§ From William Savage
3 April 1804, Kingston, Jamaica. Last wrote on 4 Feb. 18041 via Baltimore and Alexandria. “This accompanys my Account [not found] for the last three months, Amount £71.1.5. equal to $213.21 Cents, which I trust You will find free of Error; I shall Esteem myself particularly obliged if You will order a Statement of my General Account, that I may see at one View what I am to be allowed, I trust the Documents transmitted with my last letter will be Satisfactory.”
“A great Number of American Vessels have been taken by Privateers, some with Commissions from Rochambeau & others who had the Command of Hispaniola, & carried into Cuba, some few of them have been recaptured by the British Squadron on this Station.
“Since the 15th June last there has enterd in this Port alone 23,143 Tons of American Vessels, which proves the increase of the American Trade of this Island within these two Years, in my Opinion You may justly calculate upon an equal Number of Tons during the same period in the other ports of this Colony.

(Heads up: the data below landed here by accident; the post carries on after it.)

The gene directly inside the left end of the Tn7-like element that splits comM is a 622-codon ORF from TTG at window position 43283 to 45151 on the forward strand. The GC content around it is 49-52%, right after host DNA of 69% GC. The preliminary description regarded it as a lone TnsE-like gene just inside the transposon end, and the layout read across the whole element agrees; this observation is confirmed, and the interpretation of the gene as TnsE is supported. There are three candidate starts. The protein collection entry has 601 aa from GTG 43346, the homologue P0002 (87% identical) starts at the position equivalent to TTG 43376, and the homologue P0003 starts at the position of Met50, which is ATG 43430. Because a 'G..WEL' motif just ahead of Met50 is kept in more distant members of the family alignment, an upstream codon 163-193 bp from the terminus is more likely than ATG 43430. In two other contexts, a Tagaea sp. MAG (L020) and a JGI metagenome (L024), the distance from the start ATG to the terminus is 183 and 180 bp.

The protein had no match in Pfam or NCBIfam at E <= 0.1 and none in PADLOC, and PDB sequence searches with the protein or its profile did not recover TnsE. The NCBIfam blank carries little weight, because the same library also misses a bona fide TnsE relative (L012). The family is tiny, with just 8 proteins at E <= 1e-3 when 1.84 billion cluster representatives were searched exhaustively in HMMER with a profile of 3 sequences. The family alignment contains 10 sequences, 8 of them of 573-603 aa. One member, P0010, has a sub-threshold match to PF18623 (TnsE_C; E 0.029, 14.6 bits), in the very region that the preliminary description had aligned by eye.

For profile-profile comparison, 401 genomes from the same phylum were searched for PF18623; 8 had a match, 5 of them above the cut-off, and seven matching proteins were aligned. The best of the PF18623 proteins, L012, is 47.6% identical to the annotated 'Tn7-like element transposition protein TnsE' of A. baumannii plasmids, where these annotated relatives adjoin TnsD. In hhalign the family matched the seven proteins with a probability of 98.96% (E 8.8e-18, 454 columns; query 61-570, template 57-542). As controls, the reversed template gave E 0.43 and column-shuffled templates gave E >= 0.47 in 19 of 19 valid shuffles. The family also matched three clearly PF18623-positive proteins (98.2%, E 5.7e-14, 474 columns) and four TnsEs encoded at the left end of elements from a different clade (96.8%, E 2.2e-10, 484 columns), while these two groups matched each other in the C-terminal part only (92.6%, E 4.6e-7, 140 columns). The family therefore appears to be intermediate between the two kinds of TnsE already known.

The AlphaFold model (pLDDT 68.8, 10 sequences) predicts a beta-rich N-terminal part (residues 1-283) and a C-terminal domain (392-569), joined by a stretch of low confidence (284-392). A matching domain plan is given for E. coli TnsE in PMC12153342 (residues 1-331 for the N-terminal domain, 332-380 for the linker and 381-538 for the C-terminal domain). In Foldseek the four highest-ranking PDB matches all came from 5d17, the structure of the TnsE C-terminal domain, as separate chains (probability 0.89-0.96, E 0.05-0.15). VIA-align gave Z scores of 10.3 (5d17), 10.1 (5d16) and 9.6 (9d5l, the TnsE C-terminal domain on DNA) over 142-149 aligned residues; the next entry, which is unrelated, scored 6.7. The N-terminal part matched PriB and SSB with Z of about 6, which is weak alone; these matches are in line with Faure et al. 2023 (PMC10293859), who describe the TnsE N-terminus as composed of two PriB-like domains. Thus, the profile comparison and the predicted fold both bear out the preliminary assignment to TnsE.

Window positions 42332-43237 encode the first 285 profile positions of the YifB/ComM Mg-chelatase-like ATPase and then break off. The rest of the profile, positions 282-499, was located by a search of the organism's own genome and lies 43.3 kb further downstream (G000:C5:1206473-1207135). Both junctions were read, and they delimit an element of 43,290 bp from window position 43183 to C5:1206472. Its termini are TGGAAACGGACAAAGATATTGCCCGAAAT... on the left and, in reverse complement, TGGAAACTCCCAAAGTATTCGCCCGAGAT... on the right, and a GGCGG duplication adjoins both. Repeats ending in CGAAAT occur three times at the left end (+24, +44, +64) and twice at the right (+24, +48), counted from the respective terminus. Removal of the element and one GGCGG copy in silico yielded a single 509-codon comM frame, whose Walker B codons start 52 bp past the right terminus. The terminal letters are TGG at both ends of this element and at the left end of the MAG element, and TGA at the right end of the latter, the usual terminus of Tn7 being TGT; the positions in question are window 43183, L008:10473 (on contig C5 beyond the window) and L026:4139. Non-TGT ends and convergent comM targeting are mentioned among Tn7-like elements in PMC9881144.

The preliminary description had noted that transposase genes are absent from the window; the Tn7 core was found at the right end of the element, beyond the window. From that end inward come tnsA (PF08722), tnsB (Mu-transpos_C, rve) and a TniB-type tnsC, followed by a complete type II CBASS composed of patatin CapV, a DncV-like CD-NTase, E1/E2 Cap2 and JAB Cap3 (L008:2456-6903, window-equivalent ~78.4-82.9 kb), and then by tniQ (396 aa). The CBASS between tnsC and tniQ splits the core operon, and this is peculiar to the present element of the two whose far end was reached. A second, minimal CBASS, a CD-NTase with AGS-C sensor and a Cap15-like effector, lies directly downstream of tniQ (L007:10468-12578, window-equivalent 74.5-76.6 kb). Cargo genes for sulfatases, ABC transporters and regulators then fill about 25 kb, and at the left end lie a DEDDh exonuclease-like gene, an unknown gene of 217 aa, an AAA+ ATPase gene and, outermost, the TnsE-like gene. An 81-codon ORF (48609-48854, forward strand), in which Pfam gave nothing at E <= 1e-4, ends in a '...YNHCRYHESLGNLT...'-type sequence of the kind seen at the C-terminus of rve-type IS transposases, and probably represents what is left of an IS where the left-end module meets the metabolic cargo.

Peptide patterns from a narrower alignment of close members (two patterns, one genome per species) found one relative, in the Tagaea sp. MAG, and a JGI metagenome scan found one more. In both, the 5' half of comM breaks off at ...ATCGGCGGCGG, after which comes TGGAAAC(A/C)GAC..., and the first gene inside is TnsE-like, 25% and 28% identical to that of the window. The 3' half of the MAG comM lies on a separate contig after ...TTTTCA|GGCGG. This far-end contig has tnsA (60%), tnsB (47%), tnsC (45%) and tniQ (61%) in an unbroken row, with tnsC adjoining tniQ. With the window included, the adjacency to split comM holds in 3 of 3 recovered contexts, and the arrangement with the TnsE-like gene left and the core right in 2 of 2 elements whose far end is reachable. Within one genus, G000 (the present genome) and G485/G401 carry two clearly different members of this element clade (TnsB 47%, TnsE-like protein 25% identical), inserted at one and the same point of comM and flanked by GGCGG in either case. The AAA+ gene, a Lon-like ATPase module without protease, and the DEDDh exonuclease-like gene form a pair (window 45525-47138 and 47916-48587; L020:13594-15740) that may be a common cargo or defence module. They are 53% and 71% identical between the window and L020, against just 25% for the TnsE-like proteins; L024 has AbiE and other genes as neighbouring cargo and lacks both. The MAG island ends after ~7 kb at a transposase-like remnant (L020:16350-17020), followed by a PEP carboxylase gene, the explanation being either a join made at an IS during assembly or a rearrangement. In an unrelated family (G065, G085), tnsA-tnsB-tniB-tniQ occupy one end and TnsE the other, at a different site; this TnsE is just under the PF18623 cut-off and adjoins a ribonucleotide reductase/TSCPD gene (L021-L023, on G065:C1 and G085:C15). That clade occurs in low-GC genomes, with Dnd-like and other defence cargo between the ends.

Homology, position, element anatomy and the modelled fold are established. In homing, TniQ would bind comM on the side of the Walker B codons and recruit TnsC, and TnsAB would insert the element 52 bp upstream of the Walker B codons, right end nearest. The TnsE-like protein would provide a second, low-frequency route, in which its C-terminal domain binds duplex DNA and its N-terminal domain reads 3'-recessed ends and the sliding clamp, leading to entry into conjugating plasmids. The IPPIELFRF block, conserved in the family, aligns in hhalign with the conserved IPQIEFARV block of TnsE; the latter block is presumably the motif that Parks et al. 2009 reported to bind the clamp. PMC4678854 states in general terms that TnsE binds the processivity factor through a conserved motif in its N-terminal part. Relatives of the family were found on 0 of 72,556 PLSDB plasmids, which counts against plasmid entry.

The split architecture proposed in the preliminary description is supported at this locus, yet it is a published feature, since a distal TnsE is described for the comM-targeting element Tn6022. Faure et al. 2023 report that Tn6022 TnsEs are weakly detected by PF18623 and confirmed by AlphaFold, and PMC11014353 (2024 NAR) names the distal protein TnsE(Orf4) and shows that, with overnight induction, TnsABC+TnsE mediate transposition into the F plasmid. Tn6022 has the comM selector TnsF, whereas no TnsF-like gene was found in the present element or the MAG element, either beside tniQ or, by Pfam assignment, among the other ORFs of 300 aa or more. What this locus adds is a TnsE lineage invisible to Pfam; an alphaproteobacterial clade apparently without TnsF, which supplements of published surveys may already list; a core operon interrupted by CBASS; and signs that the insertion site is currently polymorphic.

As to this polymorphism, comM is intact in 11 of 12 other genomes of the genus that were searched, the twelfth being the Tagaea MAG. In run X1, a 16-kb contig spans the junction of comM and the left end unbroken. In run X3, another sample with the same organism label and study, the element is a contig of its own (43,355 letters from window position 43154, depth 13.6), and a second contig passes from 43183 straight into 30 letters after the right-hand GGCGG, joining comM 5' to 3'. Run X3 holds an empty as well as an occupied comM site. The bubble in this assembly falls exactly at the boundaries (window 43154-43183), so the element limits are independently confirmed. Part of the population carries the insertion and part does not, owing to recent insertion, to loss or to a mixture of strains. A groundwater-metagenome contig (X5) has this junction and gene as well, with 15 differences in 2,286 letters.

“In no one instance has there been any Sum received for the discharge of American Seamen. You will observe the Accounts for Disbursements to distressed Seamen are but trifling comparatively with what it was last War, the Regulation to enforc⟨e⟩ Captains of American Vessels to convey distressed Seamen2 has been productive of much good.”
RC (DNA: RG 59, CD, Kingston, Jamaica, vol. 1); Tr (DNA: RG 76, Preliminary Inventory 177, entry 322, Spain, Treaty of 1819 [Art. XI] [Spoliation], Misc. Records, ca. 1801–24, box 2, folder 193). RC 2 pp.
2. Section 4 of “An Act supplementary to the ‘act concerning Consuls and Vice-Consuls, and for the further protection of American Seamen,’” 28 Feb. 1803, required captains of American ships to transport distressed seamen to the U.S. at the request of a U.S. consul (U.S. Statutes at Large description begins The Public Statutes at Large of the United States of America … (17 vols.; Boston, 1848–73). description ends , 2:203–5).